Tax Planning: Moving the NeedleSubmitted by Fountain Financial Associates | Financial Advisors on June 5th, 2019
Post by Buck Beam in the FFA Summer 2019 Newsletter
The tax landscape has changed dramatically in recent years. New lower tax rates and higher standard deductions have helped some taxpayers, but other changes have limited the use of deductions for others—particularly higher earners.
Still, there are several powerful planning strategies that may be able to help you save on taxes, whether you are using the new standard deduction or still itemizing.
Here are a few ideas that can “move the needle” for your overall tax bill:
1. Bunching deductions
Starting in tax year 2018, the standard deduction increased and many itemized deductions were eliminated or capped. Taxpayers with total itemized deductions below the new standard deduction—$12,000 for singles and $24,000 for married couples filing jointly—will most likely use the new standard deduction.
That means a simpler tax filing, and possibly a lower tax bill for some. But it means others may lose some of their deductions for charitable gifts, home mortgages, and state and local taxes.
To make the most of the potential tax deductions that still exist, consider “bunching.” That means concentrating deductions in a single year so they can exceed the standard deduction, then skipping itemization for 1 or more years. This strategy can work well when total itemized deductions fall below the new standard deduction in most years.
Here’s an example of how it could work: Instead of making annual charitable gifts, concentrate 2, 3, or even 5 years’ worth of donations in a single year, then take a few years off. Focusing all donations in a single year can increase the value of deductions beyond the standard deduction for a single year. Then you could take the standard deduction in the “skip” years.
A donor advised fund can be an interesting tool to consider when using this strategy. Donor advised funds can let you make tax-deductible contributions of cash or appreciated assets in a given year, but then recommend grants to charities over several years.
2. Consider a Roth IRA Conversion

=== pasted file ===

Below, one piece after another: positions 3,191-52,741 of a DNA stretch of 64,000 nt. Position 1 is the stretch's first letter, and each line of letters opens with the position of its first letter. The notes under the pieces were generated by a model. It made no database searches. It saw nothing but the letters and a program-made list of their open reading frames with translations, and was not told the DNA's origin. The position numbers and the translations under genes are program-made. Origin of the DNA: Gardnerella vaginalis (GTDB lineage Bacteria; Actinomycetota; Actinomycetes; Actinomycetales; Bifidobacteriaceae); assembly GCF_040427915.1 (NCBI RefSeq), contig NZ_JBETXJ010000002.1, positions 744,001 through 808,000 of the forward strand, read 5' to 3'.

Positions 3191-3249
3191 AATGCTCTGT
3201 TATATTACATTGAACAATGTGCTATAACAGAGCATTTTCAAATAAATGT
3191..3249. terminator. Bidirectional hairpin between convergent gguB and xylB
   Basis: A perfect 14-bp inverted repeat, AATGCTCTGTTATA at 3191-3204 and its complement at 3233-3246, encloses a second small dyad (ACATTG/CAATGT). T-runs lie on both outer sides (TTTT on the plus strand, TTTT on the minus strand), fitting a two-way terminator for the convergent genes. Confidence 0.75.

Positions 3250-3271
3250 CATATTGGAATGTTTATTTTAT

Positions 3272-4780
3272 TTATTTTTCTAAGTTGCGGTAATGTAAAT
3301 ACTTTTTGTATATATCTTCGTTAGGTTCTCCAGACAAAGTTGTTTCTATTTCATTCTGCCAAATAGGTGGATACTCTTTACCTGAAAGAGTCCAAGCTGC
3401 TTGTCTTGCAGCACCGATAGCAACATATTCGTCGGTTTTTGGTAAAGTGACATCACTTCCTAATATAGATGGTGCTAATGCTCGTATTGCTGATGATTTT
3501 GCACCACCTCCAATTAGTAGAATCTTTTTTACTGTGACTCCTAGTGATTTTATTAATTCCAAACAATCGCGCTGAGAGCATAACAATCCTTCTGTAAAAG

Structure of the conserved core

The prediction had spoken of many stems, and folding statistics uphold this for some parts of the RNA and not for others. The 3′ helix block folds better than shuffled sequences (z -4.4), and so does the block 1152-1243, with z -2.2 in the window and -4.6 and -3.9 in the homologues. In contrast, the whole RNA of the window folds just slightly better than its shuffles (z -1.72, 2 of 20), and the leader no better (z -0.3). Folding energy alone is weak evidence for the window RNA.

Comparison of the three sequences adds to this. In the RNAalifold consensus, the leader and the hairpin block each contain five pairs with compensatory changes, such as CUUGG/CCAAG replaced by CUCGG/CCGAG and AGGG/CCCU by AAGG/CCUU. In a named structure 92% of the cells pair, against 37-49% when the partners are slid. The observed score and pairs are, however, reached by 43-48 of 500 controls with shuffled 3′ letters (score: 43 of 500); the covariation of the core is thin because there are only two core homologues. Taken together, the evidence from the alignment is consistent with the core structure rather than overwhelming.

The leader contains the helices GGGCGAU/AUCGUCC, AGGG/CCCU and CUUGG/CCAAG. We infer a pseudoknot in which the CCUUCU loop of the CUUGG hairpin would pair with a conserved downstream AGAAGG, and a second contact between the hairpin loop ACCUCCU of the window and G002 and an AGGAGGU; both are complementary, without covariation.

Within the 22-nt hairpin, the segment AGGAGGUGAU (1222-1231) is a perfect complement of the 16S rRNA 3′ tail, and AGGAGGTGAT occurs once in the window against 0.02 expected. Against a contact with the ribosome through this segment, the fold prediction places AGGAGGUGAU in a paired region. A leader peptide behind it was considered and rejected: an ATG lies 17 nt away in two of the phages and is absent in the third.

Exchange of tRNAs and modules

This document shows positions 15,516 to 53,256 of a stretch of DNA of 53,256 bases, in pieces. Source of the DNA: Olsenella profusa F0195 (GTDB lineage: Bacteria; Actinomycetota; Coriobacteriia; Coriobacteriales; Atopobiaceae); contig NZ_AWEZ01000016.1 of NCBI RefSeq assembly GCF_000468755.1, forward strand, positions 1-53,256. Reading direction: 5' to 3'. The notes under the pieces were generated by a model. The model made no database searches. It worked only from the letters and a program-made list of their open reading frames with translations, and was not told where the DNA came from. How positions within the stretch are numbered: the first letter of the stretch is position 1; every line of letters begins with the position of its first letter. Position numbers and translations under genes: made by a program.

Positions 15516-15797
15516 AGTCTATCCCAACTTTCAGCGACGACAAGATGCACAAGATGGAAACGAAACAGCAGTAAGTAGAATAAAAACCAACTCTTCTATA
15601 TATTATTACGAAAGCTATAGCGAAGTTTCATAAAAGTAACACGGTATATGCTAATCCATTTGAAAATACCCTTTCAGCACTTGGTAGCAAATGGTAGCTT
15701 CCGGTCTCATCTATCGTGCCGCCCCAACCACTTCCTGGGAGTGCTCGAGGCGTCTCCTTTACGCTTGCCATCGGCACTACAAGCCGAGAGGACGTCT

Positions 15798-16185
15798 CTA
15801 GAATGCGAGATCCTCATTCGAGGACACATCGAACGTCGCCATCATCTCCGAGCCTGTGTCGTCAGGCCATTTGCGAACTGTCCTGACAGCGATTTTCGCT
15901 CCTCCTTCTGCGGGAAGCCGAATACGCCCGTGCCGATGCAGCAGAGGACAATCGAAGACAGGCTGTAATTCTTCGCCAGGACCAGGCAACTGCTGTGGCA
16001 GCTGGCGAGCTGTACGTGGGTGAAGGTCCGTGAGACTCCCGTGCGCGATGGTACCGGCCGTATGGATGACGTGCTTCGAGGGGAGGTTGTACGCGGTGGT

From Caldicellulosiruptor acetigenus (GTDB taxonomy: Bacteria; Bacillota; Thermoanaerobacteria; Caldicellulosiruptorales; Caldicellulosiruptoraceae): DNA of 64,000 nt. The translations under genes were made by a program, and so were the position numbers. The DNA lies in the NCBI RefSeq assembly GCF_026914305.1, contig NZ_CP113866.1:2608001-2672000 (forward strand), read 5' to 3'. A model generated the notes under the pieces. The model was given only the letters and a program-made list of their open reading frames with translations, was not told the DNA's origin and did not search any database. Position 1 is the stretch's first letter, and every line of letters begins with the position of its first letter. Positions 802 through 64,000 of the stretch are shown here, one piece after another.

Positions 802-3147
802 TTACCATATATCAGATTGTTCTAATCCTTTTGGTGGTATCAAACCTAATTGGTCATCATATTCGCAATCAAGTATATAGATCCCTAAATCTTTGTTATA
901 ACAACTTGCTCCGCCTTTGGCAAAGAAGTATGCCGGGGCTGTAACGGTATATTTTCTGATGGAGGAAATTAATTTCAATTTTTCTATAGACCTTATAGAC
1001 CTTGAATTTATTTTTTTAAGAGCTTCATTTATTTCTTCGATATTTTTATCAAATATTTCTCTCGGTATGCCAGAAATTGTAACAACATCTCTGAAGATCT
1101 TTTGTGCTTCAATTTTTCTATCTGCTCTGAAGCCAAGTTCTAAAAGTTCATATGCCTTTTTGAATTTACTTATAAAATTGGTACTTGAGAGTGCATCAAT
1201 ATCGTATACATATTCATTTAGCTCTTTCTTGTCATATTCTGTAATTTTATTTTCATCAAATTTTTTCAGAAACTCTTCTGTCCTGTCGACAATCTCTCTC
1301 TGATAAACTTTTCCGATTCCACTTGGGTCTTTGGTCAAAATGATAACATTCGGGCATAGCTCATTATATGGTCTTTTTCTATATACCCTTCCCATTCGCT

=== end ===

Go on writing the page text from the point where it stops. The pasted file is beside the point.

The new tax law lowered income tax rates and changed the income thresholds for different tax brackets, but those changes are set to expire in 2025. If you have saved money in a traditional IRA, you may be able to effectively lock in today’s rates by converting portions of your savings to Roth accounts.
Because you pay taxes on your conversion amount up front, rather than when you withdraw the funds, you’ll owe no taxes on future earnings as long as your withdrawals are qualified. If taxes go up, or your income is higher in the future, a Roth conversion could save you money. Another potential advantage: Roth accounts don’t have required minimum distributions.
3. Be tax-smart about retirement savings
Fortunately for retirement savers, the new tax law did not change incentives for retirement savings. Pretax contributions to a 401(k) or similar workplace retirement plan can still generally reduce taxes. The 2019 contribution limit is $19,000, or $25,000 if you’re age 50 or older.
A traditional IRA offers potential tax breaks similar to those of a 401(k). For 2019, you can contribute up to $6,000 to an IRA, and if you are age 50 or over an extra $1,000.
High earners, particularly business owners and the self-employed, may be able to save even more than the 401(k) limit using a specialized defined benefit plan. Contributions for those plans can be as high as $200,000 per year, subject to multiple variables. We have experience with these plans and can help evaluate if it could make sense for you.
Another option for reducing taxable income is a health savings account (HSA). HSAs have triple tax benefits: Contributions are deductible, earnings are tax free, and qualified withdrawals are not taxable. People enrolled in high-deductible health plans are eligible to open an HSA. Those people can consider contributing up to $3,500 for an individual and $7,000 for a family, plus an extra $1,000 if you are age 55 or older for 2019.
4. Consider contributing RMDs to charity
If you are age 70 1/2 or older and your itemized deductions add up to less than the standard deduction, you may effectively lose the deduction for charitable contributions. But there is another way to support your favorite charities and still get a tax break.
We wrote in more detail about this strategy in our last issue- Qualified Charitable Distributions (QCD). This is a direct transfer of funds from your IRA to a qualified charity, which counts toward your required minimum distribution (RMD) for the year, up to $100,000.
Making a QCD comes with tax advantages. QCDs are not included in gross income and do not require itemization to be effective. The rules can be a little complicated, but many clients are benefiting from this strategy.
With all tax-related planning, we recommend working closely with us and your tax advisor to understand if these ideas will move the needle for you. Let us know if you would like to chat- we are here to help!
*For a comprehensive review of your personal situation, always consult with a tax or legal advisor. Neither Cetera Advisor Networks LLC nor any of its representatives may give legal or tax advice.